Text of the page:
# Complete problems for FP

Let FP be the class of functions $$f : \{0,1\}^* \to \mathbb{N}$$ that can be computed in polynomial time. Moreover, given two functions $$f : \{0,1\}^* \to \mathbb{N}$$ and $$g : \{0,1\}^* \to \mathbb{N}$$, we say that there exists a logspace parsimonious reduction from $$f$$ to $$g$$ if there exists a function $$h : \{0,1\}^* \to \{0,1\}^*$$ such that $$h$$ can be computed in logspace and $$f(x) = g(h(x))$$ for every $$x \in \{0,1\}^*$$.

I would appreciate it if someone could give me some references for problems that are complete for FP under logspace parsimonious reductions (or logspace Turing reductions).

• I should have added that FP-completeness should be under logspace parsimonious or Turing reductions. – Alejandro Sep 5 at 18:38
• What does "parsimonious" mean in this context? In the context of NP, it means preserving number of witnesses. But in the context of FP, I suppose it could mean a variety of different things... – Joshua Grochow Sep 5 at 18:52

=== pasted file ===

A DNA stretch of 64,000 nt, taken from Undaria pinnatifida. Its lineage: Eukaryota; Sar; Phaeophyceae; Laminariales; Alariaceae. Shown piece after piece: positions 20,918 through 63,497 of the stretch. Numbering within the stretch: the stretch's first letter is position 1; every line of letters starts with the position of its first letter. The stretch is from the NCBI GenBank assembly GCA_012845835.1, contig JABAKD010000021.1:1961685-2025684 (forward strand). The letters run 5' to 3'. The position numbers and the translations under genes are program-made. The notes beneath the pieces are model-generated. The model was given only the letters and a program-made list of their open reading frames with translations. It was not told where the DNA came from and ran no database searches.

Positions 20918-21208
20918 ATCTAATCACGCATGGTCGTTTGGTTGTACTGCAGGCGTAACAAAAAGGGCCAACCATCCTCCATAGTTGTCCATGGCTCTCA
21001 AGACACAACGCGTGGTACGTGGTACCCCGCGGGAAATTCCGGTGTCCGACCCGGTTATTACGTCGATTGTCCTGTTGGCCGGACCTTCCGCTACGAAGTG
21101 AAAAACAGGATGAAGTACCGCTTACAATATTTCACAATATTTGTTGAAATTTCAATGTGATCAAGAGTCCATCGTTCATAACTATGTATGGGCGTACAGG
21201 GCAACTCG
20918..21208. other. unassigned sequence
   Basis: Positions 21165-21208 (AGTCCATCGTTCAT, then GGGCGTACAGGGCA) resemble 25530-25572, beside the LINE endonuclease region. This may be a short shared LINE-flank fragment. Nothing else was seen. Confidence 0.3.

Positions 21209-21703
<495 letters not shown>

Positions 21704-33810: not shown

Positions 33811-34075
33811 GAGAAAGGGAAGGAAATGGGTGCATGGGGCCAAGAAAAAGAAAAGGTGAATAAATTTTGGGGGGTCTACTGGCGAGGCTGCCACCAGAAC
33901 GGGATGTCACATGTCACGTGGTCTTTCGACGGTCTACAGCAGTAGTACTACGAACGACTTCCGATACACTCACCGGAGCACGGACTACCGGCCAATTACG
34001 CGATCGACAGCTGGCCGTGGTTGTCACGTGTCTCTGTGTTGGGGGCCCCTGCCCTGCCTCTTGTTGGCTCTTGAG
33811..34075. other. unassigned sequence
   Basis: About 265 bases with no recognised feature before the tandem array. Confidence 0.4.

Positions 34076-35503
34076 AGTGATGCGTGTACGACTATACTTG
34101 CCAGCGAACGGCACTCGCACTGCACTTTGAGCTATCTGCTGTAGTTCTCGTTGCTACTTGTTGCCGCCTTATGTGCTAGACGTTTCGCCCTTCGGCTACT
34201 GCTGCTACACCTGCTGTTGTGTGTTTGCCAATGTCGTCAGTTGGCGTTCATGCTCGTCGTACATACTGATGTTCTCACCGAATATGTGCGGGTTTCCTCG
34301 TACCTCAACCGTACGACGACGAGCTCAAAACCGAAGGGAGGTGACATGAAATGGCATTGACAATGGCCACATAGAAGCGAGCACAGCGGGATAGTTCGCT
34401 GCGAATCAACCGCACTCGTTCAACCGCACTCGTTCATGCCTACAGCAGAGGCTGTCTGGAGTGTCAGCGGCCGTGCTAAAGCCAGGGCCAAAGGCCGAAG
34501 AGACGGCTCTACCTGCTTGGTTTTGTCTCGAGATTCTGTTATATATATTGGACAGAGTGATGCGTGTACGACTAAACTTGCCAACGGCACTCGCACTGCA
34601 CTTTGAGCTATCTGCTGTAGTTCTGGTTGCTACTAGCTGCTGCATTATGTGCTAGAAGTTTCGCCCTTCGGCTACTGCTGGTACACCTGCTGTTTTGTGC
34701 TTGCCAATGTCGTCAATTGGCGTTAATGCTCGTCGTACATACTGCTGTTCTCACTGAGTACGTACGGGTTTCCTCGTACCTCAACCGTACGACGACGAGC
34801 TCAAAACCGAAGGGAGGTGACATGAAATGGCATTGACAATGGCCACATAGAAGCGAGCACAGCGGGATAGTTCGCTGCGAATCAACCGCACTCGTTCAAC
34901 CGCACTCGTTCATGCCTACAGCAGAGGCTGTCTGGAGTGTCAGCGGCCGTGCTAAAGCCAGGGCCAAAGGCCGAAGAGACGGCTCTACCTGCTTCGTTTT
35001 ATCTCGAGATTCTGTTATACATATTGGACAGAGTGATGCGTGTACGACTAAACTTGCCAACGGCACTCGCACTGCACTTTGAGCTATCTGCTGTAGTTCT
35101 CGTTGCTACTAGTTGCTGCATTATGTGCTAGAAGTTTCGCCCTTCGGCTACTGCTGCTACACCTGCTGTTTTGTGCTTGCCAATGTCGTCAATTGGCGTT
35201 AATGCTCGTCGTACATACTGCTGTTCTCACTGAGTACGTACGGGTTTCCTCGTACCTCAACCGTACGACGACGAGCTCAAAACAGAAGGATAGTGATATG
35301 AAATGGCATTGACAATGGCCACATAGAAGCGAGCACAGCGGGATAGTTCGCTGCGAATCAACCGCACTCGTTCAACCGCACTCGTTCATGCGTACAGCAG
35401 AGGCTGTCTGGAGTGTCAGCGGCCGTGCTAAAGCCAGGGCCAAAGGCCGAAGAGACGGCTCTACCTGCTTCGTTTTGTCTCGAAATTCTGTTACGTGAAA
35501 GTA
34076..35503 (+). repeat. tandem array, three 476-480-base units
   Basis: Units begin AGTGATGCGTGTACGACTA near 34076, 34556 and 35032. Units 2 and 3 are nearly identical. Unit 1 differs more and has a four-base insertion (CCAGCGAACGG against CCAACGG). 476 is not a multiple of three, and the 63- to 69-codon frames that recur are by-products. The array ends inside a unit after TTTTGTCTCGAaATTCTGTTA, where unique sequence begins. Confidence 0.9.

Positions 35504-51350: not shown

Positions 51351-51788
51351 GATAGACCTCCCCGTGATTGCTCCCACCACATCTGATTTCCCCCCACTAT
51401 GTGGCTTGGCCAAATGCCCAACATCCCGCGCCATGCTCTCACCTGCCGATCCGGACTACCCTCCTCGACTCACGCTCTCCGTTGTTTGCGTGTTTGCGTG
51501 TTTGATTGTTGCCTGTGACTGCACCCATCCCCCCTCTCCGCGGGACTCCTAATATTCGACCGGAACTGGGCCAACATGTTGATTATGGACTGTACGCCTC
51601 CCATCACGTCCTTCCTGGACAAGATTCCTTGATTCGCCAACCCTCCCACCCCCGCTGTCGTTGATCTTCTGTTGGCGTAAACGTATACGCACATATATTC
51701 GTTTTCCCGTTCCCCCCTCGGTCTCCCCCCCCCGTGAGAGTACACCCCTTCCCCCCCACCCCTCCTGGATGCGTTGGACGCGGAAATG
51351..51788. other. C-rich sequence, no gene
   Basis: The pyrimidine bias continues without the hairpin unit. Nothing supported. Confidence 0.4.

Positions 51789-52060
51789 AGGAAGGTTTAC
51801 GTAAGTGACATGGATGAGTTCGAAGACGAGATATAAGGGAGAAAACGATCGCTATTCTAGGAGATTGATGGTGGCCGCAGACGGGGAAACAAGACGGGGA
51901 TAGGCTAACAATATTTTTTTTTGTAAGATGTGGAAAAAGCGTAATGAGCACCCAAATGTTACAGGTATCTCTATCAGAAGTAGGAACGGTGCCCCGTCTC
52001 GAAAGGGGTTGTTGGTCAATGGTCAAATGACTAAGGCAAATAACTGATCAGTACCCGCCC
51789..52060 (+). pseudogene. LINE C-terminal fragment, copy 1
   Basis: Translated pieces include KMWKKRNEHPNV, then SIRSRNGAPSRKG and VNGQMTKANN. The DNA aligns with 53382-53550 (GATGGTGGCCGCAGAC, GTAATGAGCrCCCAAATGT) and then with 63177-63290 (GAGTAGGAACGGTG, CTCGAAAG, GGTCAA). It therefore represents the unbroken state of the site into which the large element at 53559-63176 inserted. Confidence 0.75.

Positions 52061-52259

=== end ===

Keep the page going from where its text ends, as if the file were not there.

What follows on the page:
• For a start, the following is FP-complete: given a constant Boolean circuit with multiple output nodes, compute its output. You may further restrict it to monotone circuits. More generally, if $L$ is any P-complete language (under logspace many-one reductions), then the following problem is FP-complete (under logspace parsimonious reductions): given a sequence of inputs, compute the sequence of bits indicating which of the inputs are in $L$. – Emil Jeřábek supports Monica Sep 5 at 21:10
• @EmilJeřábek: I think that's an answer (but I think the question may be borderline for cs.SE). – Joshua Grochow Sep 5 at 22:57
• @JoshuaGrochow Well, the OP asked for references, of which I have offered none. – Emil Jeřábek supports Monica Sep 6 at 6:55